No, the project management office (PMO) isn’t dead, it’s just different since agile came along. In an organization that does not use agile approaches, a traditional PMO might do everything from prioritizing projects, assigning people or resources to projects, managing the execution of projects, and promoting project management practices. In an agile organization, the role … Continue reading The Lean-Agile PMO
My first job as a Product Owner was at a company and industry that were new to me. I enthusiastically embarked upon learning the business, the (very large and complex) products, and getting to know the team and customers. After a few months, things seemed to be going pretty smoothly and my boss asked me … Continue reading The Product Owner Trap
Backlog grooming differentiates good scrum teams from ones that are just scraping by. Viewed by some people as optional, there is often a temptation to skip it in favor of remaining focused on the current sprint. Experienced teams understand that backlog grooming can have an impact not just on the next sprint planning meeting but … Continue reading Backlog Grooming: Scrum’s Red Headed Stepchild
One of the most fascinating management challenges is determining the best structure for Scrum teams based on the stage of the project. This does not mean the major waterfall phases like Analysis, Design, Construction, etc. When developing software for use by customers (especially niche SAAS products) and there is some level of customization or specific … Continue reading Evolving Team Structures Through the Product Development Lifecycle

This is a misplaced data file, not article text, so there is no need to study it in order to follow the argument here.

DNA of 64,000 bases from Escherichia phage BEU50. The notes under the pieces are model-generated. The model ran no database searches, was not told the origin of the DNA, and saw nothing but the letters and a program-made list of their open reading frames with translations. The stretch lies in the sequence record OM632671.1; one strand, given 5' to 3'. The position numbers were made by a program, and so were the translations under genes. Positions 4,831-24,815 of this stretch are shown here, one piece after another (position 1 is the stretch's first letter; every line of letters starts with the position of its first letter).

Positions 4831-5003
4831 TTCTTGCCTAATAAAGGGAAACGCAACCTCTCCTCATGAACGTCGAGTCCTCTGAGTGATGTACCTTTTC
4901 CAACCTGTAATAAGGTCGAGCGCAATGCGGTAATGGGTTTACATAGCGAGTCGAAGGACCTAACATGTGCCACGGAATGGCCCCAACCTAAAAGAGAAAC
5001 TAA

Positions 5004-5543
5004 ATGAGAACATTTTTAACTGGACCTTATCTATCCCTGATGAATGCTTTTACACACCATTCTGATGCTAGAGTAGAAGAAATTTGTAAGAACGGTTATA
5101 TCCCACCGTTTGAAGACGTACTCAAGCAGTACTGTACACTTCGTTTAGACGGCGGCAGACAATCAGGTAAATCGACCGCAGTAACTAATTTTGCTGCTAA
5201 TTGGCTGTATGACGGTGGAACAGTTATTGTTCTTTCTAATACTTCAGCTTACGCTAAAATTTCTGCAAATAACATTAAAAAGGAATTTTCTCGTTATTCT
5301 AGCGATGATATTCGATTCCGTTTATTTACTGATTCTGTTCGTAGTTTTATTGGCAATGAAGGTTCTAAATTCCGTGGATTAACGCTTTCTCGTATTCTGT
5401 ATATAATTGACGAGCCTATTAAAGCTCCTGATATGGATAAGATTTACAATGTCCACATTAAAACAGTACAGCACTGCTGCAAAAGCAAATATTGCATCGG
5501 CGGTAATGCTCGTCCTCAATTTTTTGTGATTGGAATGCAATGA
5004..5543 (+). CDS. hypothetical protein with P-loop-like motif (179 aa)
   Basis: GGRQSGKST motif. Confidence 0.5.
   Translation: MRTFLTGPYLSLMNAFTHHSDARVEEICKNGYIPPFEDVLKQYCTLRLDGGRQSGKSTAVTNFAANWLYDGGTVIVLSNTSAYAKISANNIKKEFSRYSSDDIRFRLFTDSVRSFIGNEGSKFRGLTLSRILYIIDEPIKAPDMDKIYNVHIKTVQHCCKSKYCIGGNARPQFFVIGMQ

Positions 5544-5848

Experienced agile practitioners take for granted that detailed requirements are captured as user test cases. For organizations transitioning to agile, this is one of the more challenging practices for them to adopt. Some product owners or business analysts still view the traditional “requirements document” as the way to capture detailed requirements. Because of their attachment to … Continue reading Who Should Write UATCs?
As organizations adopt agile practices, there are several key skills that differentiate high-performing teams from mediocre teams: 1) Working in short timeboxes For a team that is accustomed to delivering working code every six or eight months, two or four week long iterations can be unfathomable. But doing this is essential to the success of … Continue reading Essential Agile Skills
For a Scrum Master introducing agile to a team, there is a balance between implementing concepts and practices at a pace that does not overwhelm the team and demonstrating the benefits as early as possible to build momentum and support within the organization. Each situation is different, but let’s assume that an organization wants to use Scrum and there … Continue reading Introducing Scrum to a Team